The Interior
of the Sun

In this section we consider only the general properties of the Sun's interior.

Relative Volume of the Sun

The Sun is enormous compared with other objects in the Solar System, as illustrated in the following image.

The Sun and planets drawn to scale

Thus, for example, the radius of the Sun is about 109 times that of the Earth, which implies that the volume of the Sun would hold approximately 130,000,000 Earths (since the volume goes as the cube of the radius). However, the average density of the Sun is much smaller than that of the Earth: about 1.4 g/cm3 compared with about 5.5 g/cm3 for the Earth. As we shall see, this is because the composition of the Sun is dominated by the light elements hydrogen and helium (similar to the Gas Giant planets), while that of the terrestrial planets is dominated by heavier metals and their compounds.

Interior Zones of the Sun

It is useful to divide the interior of the Sun into three interior regions. These are summarized in the following table.

Interior Zones of the Sun

Zone R/R(0) Temperature ( K) Density (g/cm3) Energy Transport

Core 0.0 - 0.25 ~ 15,000,000 - 8,000,000 ~ 160 - 10 Radiative
Radiative ~ 0.25 - 0.85 ~ 8,000,000 - 500,000 ~ 10 - 0.01 Radiative
Convective ~ 0.85 - 1.00 ~ 500,000 - 10,000 < 0.01 Convective

These zones may be characterized by their ranges of temperature and density, and also by the mode of energy transport through them.

  1. The core is the hot, dense central region in which the nuclear reactions that power the Sun take place. It comprises about 25% of the interior radius.

  2. The radiative zone is comprised of the interior from about 25% to 85% of the solar radius. It is called the radiative zone because here (and in the core) the primary transport of energy is by photons (electromagnetic radiation).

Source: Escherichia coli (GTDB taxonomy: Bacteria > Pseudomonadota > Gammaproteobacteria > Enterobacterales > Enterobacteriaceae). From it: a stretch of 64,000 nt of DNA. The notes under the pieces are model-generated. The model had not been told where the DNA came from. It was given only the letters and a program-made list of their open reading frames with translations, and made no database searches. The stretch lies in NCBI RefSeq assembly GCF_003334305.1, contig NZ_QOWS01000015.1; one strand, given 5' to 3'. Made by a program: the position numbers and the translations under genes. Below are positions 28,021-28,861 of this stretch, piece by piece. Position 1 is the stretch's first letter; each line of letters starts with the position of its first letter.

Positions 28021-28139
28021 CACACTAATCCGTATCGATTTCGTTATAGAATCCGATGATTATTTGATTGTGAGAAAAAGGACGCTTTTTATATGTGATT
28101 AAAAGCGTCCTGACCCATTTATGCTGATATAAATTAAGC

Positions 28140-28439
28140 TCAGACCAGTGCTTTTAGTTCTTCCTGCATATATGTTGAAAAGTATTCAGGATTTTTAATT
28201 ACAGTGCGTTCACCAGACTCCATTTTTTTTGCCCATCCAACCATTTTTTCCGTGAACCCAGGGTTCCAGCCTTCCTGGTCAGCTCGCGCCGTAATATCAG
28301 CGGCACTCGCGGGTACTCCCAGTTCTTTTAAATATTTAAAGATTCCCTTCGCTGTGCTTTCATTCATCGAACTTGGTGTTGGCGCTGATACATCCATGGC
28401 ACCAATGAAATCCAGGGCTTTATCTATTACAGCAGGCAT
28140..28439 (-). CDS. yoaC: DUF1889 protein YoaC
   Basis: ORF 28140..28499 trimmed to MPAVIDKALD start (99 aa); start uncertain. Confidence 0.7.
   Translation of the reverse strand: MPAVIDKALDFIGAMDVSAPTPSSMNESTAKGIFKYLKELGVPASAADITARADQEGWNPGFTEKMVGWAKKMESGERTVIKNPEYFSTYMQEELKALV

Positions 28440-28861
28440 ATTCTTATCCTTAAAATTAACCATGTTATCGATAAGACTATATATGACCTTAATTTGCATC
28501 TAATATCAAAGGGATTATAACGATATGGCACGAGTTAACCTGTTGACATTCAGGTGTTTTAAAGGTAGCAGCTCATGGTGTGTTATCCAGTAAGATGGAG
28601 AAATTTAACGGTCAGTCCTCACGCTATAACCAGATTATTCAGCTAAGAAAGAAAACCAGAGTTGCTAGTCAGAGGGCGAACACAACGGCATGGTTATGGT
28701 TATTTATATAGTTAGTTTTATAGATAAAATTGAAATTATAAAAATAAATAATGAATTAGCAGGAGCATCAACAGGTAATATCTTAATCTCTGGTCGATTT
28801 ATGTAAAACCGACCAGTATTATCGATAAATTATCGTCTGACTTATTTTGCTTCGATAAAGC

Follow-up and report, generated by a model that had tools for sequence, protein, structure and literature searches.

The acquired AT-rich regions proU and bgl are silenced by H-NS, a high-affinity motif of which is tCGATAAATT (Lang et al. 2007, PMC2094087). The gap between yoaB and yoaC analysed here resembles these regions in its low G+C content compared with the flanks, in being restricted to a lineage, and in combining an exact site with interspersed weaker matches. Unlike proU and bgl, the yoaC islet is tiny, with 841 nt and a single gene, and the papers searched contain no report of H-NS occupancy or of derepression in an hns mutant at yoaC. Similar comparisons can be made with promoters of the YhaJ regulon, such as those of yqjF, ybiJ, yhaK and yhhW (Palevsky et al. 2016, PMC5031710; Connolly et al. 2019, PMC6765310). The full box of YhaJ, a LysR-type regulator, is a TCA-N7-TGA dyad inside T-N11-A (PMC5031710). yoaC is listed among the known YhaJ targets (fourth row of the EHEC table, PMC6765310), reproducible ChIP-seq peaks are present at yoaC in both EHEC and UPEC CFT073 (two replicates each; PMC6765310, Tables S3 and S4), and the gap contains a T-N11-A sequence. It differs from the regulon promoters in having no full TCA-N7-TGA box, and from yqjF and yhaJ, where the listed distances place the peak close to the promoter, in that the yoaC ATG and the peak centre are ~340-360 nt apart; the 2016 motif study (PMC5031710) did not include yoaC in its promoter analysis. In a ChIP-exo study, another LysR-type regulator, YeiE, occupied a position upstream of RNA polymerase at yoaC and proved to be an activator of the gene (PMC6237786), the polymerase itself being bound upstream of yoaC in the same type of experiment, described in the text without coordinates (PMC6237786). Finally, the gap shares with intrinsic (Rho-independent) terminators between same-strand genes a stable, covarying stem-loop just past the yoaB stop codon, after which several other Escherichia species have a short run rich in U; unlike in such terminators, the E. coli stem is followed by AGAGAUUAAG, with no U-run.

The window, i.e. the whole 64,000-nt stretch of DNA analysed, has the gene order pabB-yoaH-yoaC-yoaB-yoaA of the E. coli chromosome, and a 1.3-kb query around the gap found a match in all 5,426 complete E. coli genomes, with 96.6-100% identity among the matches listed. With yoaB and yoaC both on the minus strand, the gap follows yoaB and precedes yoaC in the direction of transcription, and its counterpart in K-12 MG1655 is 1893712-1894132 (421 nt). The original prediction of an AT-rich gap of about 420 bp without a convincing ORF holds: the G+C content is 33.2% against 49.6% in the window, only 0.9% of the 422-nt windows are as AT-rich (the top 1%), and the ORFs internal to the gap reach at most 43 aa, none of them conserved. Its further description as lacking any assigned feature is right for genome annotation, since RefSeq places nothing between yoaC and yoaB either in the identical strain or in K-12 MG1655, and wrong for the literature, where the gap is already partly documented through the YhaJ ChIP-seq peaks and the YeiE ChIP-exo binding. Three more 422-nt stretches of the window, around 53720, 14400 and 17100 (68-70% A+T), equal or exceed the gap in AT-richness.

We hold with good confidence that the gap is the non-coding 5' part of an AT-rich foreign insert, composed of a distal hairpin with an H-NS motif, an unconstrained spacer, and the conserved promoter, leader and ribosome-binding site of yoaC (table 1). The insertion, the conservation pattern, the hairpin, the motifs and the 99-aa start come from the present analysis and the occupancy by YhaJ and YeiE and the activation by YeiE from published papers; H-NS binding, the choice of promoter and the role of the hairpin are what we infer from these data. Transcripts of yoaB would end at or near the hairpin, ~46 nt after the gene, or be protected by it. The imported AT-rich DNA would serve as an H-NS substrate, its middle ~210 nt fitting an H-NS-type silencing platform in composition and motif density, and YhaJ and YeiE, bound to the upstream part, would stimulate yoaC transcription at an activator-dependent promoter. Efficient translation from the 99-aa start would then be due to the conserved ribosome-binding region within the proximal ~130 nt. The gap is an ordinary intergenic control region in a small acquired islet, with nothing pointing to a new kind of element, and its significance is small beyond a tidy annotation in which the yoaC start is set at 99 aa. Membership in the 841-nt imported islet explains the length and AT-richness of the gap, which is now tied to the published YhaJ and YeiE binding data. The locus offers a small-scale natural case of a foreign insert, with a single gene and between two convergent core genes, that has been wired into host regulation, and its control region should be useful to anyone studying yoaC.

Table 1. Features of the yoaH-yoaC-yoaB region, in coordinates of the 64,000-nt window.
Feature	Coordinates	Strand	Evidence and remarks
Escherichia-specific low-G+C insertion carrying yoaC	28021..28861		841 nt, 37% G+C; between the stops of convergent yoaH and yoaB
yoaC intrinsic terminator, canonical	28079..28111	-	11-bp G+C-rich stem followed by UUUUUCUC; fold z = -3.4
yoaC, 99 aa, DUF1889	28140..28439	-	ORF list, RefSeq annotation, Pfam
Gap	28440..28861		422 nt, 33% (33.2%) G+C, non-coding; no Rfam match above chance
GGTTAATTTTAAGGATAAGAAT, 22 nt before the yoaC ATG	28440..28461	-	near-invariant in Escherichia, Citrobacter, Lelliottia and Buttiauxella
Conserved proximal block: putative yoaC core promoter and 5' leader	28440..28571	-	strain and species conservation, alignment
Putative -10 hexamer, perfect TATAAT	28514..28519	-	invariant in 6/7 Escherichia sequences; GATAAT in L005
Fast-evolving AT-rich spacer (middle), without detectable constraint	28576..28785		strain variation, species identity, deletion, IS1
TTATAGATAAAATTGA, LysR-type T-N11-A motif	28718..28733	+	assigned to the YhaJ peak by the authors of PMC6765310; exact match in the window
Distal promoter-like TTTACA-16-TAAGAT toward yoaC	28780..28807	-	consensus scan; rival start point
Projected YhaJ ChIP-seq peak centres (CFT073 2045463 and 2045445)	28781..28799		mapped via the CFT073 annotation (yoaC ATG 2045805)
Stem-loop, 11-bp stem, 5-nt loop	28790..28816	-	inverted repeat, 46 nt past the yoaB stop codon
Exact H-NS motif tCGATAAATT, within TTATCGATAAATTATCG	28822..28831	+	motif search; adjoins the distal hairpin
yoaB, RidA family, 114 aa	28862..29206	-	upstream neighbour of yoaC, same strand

3. The convective zone starts at about 85% of the solar radius and extends to just below the surface. It is a region in which the change in temperature with increasing radius is so rapid that the Sun becomes unstable to convection (rapid up and down motion of large packets of gas), much as the Earth's atmosphere becomes convectively unstable on a hot Summer day and produces thunderstorms.
(The issue of energy production in the core of stars from the interplay between gravity and fusion, and the transport of that energy to the star's surface will not be discussed in detail in this section.)


One way to study the solar interior is through helioseismology. In helioseismology, one attempts to learn about the properties of the Sun by studying the propagation of waves in its body (which, for example, cause small oscillations of the surface that are observable) in a manner similar to geologists learning about the interior of the Earth by studying seismic waves.

The left image illustrates a computer generated model of acoustic waves in the body of the Sun (Source). Presently, helioseismology is placing strong constraints on our theories of the solar interior. This information is important, for example, in the discussion of the solar neutrino problem.